Stabilize your hips with strong Glutes!

There are 10 muscles in our buttock region on either side that directly act on our hip to provide movement and stabilization. This is without counting the numerous global muscles in the hip flexor, hamstring or adductor groups. Of particular importance are the deep rotator muscles (obturator, gemelli and quadratus muscles) and the gluteus medius and minimus muscles. Through their contraction these muscles help to stabilise the ball and socket joint that forms the hip, and they also help to maintain a stable and level alignment of our pelvis.

 

Without a stable hip joint and pelvis there can be poor lower limb alignment and poor transfer of forces between our limbs and spine when walking, running or doing resistance based movements. This leads to abnormal biomechanics that can alter joint loading not only at the hip, but also the ankle, knee and lower back. Pain or poor performance may result. A common pattern that presents with such weakness is dropping in the knees during squatting and running, with excessive shifting of the hip from side to side. You may not even have hip pain, but the weakness and changes in biomechanics may be causing symptoms in nearby areas.

In order to address such issues, you need to perform exercises that strengthen the hip rotator and gluteus medius/minimus muscles to improve stability of the pelvis and hip ball and socket joint, and restore more normal biomechanics. You may have been given simple exercises to try to achieve this in the past - such as side lying leg lifts, 'clams', bridges or single leg squats. However, these simple exercises are often not enough to develop strong and stable hips on their own. It is important that the exercises employed are sufficiently challenging and functionally specific to your sporting, occupational or recreational pursuit so that these muscles can adapt to the required demands. 

The videos below list a few examples of exercises for developing strong and stable hips in a manner that is functional and challenging, and with appropriate load to provide stimulus for neuro-muscular adaptation. There are many variations and progressions/regressions on the theme depending on your needs and the presence of any injury. 

This exercise strengthens the external rotators whilst focusing on lumbopelvic control in a neutral spinal position. Begin on your hands & knees with a resistance band hooked around your ankle and attached to a pole beside you. Move away from the pole so the band is on stretch and slowly control your leg as the band rotates your leg towards the pole. Return your foot to the start position by slowly rotating your hip to bring your feet closer together.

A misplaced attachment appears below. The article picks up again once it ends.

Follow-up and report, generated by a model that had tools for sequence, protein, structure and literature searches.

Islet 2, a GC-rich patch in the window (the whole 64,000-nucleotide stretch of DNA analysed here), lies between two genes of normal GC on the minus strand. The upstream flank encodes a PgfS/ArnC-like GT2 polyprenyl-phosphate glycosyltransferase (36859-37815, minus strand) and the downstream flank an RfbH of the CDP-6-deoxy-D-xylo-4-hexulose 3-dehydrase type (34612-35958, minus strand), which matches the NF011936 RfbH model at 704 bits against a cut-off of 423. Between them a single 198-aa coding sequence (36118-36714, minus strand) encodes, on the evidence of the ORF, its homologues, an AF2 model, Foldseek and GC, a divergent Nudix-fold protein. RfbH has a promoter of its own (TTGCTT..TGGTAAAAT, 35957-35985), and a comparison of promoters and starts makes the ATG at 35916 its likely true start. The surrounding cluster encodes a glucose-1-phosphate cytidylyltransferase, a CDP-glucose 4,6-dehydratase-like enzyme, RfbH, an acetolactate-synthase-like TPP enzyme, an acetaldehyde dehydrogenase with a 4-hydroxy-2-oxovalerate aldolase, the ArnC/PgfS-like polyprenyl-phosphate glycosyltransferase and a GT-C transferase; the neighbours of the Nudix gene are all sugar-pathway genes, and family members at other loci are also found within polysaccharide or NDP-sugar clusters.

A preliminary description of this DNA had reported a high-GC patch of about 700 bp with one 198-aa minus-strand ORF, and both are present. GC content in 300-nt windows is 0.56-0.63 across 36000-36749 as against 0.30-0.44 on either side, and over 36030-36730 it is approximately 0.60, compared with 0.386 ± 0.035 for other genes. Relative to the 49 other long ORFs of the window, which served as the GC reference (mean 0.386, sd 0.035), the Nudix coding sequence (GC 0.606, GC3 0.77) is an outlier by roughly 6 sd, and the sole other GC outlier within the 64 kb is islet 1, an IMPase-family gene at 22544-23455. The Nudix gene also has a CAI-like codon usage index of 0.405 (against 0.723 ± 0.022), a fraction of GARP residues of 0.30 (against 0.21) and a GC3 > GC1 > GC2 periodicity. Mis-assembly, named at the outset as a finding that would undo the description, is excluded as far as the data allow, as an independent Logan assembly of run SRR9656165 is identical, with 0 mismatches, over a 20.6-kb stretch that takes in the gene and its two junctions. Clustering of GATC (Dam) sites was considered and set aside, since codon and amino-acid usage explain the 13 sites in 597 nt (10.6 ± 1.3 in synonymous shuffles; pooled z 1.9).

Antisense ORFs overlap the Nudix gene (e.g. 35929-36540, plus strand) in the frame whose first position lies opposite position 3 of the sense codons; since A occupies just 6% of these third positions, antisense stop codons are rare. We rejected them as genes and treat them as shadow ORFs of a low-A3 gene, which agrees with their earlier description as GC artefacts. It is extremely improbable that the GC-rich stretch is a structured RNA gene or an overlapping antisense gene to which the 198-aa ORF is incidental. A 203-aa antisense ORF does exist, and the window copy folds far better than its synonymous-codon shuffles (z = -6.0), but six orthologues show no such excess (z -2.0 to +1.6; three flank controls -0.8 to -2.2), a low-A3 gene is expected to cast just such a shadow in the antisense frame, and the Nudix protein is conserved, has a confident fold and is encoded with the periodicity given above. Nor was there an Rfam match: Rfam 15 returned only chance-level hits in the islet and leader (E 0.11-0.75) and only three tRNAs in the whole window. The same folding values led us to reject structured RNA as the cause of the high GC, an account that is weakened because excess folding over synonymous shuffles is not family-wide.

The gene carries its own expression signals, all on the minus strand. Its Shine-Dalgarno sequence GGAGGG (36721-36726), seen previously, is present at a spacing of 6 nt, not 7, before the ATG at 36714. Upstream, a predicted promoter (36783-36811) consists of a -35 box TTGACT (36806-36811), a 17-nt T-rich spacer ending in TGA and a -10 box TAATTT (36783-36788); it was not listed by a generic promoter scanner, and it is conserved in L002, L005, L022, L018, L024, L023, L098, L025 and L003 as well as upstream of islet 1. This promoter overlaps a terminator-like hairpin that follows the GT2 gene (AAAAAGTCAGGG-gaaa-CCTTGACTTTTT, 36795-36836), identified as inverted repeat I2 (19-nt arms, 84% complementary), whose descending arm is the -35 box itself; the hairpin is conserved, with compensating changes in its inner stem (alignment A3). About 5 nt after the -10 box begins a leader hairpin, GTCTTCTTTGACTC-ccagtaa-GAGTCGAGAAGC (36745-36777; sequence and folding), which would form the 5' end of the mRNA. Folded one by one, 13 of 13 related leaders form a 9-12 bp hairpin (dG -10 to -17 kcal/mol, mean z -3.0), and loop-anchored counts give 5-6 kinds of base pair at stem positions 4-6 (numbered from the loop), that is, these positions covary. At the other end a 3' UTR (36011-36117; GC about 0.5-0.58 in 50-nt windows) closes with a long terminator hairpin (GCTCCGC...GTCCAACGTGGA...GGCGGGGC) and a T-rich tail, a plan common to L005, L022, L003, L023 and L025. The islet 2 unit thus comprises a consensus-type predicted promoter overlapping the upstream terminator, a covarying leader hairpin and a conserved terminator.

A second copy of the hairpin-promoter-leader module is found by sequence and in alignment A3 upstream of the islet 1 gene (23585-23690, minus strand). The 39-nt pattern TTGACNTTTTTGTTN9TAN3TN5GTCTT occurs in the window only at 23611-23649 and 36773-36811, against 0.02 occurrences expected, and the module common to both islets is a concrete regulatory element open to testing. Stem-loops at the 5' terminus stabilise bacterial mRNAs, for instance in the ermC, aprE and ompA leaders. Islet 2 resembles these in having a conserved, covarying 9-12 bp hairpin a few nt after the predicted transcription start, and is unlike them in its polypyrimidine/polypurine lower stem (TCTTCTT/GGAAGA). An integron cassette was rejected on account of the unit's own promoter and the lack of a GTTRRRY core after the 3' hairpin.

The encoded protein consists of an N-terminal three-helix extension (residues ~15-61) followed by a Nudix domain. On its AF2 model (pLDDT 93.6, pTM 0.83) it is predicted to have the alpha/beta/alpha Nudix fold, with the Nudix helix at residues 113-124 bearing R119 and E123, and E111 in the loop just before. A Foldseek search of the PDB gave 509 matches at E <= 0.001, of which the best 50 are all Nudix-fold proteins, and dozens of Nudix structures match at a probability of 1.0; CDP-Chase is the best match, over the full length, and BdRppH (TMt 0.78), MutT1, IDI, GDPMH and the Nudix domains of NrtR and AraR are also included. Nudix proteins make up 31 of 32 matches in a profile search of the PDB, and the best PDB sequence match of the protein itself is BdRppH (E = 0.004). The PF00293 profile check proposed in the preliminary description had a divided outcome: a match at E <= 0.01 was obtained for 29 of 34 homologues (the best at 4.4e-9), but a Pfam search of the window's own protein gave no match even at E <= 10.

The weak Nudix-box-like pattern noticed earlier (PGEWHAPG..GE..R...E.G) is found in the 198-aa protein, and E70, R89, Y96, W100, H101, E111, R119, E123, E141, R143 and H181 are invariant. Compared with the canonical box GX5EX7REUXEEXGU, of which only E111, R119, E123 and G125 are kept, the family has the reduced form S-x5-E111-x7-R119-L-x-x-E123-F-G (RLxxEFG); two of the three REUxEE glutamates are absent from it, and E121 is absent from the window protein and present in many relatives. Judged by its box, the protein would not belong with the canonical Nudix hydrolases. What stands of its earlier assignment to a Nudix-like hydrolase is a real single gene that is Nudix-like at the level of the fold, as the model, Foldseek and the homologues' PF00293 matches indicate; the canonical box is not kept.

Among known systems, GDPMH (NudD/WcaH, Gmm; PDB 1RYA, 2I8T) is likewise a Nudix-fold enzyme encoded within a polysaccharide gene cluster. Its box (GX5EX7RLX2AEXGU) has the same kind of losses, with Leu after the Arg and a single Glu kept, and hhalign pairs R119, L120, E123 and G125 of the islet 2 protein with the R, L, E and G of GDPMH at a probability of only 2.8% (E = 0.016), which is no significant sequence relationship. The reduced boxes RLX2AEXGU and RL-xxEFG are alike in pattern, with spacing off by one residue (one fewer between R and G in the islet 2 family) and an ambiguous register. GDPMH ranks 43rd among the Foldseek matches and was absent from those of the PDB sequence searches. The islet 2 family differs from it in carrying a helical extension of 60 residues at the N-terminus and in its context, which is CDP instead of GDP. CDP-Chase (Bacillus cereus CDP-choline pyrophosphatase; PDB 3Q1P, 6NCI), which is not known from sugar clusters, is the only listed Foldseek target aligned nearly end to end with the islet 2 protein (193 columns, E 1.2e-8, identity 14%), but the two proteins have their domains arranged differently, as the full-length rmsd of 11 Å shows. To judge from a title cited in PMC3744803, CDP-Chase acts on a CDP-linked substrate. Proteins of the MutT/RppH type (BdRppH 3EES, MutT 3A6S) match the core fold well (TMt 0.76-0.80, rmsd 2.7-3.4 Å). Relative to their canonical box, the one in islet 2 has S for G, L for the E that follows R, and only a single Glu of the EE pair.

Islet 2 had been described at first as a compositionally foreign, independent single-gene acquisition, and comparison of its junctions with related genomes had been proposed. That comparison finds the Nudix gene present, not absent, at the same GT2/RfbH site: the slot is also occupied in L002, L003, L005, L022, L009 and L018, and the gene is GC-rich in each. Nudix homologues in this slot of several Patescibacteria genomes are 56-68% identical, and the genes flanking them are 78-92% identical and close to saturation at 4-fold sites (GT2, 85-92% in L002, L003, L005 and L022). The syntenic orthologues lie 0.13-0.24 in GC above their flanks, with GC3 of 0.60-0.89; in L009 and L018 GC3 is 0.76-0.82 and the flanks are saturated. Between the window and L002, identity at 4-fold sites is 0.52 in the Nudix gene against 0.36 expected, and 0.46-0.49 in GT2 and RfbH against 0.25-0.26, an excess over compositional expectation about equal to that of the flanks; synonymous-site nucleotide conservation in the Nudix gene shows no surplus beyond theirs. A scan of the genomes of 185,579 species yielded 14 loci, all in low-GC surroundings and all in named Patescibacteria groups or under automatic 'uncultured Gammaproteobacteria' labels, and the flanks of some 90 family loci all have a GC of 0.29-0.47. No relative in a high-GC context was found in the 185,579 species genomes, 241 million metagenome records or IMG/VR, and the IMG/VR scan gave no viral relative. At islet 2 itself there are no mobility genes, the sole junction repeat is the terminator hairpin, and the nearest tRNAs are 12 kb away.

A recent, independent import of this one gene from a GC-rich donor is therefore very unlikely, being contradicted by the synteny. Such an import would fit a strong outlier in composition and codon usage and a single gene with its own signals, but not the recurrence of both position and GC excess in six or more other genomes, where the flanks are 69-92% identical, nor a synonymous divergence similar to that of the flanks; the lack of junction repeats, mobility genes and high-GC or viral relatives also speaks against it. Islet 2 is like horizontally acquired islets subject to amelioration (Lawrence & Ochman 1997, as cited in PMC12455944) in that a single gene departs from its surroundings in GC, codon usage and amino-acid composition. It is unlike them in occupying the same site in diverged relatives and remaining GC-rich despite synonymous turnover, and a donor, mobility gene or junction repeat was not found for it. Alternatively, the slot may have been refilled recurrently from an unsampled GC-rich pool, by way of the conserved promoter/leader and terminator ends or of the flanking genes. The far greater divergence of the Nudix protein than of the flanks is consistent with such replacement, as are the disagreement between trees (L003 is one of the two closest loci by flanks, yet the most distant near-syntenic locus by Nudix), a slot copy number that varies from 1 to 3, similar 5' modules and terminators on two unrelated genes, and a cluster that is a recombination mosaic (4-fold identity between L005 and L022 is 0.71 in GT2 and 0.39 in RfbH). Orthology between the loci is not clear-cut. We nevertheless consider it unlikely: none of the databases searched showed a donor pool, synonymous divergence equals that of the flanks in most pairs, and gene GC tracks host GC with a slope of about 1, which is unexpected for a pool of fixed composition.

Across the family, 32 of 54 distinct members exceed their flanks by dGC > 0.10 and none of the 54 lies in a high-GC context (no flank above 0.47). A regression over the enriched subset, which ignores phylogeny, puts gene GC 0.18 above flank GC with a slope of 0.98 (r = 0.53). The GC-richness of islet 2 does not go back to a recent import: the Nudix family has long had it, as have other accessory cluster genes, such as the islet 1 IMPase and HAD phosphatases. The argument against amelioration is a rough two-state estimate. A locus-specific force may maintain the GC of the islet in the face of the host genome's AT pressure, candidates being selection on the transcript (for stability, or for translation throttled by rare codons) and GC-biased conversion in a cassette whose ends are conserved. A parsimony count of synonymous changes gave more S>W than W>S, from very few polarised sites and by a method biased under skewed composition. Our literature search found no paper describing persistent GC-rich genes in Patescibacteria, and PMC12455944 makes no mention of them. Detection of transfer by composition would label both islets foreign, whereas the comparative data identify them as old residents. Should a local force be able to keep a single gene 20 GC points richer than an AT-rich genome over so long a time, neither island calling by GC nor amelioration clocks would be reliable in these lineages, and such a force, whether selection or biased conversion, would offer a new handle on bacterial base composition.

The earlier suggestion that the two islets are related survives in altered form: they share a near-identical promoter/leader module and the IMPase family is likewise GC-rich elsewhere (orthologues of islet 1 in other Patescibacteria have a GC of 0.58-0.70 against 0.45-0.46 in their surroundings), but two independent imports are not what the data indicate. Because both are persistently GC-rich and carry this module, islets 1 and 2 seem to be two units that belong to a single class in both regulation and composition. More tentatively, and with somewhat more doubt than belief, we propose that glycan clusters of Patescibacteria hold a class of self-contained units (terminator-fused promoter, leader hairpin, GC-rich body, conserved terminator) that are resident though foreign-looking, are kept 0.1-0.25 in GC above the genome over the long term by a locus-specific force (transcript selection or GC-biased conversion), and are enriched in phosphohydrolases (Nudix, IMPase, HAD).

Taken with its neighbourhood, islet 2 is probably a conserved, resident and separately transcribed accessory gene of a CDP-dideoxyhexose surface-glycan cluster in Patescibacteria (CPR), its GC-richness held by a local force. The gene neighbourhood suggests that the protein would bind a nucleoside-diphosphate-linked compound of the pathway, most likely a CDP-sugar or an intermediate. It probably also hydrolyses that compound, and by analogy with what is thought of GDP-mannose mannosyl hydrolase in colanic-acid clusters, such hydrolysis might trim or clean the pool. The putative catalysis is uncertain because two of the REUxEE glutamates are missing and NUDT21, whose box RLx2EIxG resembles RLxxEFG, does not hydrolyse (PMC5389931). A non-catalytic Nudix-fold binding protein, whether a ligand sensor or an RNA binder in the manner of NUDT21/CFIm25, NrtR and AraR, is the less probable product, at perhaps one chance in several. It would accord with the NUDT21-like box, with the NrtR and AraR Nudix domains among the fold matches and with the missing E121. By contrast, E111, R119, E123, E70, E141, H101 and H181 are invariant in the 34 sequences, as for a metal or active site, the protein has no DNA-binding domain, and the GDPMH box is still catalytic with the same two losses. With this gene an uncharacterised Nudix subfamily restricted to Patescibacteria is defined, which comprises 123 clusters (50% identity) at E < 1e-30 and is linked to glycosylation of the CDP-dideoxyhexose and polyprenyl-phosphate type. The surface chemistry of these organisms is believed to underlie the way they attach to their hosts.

Use a block or bench approximately 40-50cm high. This exercise is more difficult with a higher bench/block. To do this exercise start by standing side on to the block. Step across your body and up onto the step using your outside leg. Then bring your other leg up onto the block to follow. Step down on the other side of the block by stepping behind your body with the same leg. Repeat with the opposite leg in the other direction. Whilst performing this exercise focus on slow controlled movement and keep a level pelvis and stable knee. Don't let your hip\knee drop in/out and try not to step down in a rushed and jerky fashion.
This exercise is a high level progression to really challenge your lumbopelvic and hip stability and I do not have the greatest form at the bottom of the squat. Stand facing a pole or door frame. As you squat down keep your opposite leg out in front and opposite hand helping with your balance on the pole or door frame. Keep your knee above your foot (don't let it drop inwards or move forward past your toes) and maintain a neutral spine.

Talk to your physio to learn more about developing your hip strength and stabilitiy for athletic performance or reducing pain and pathology. Strong hips sink ships!

The Gap Physio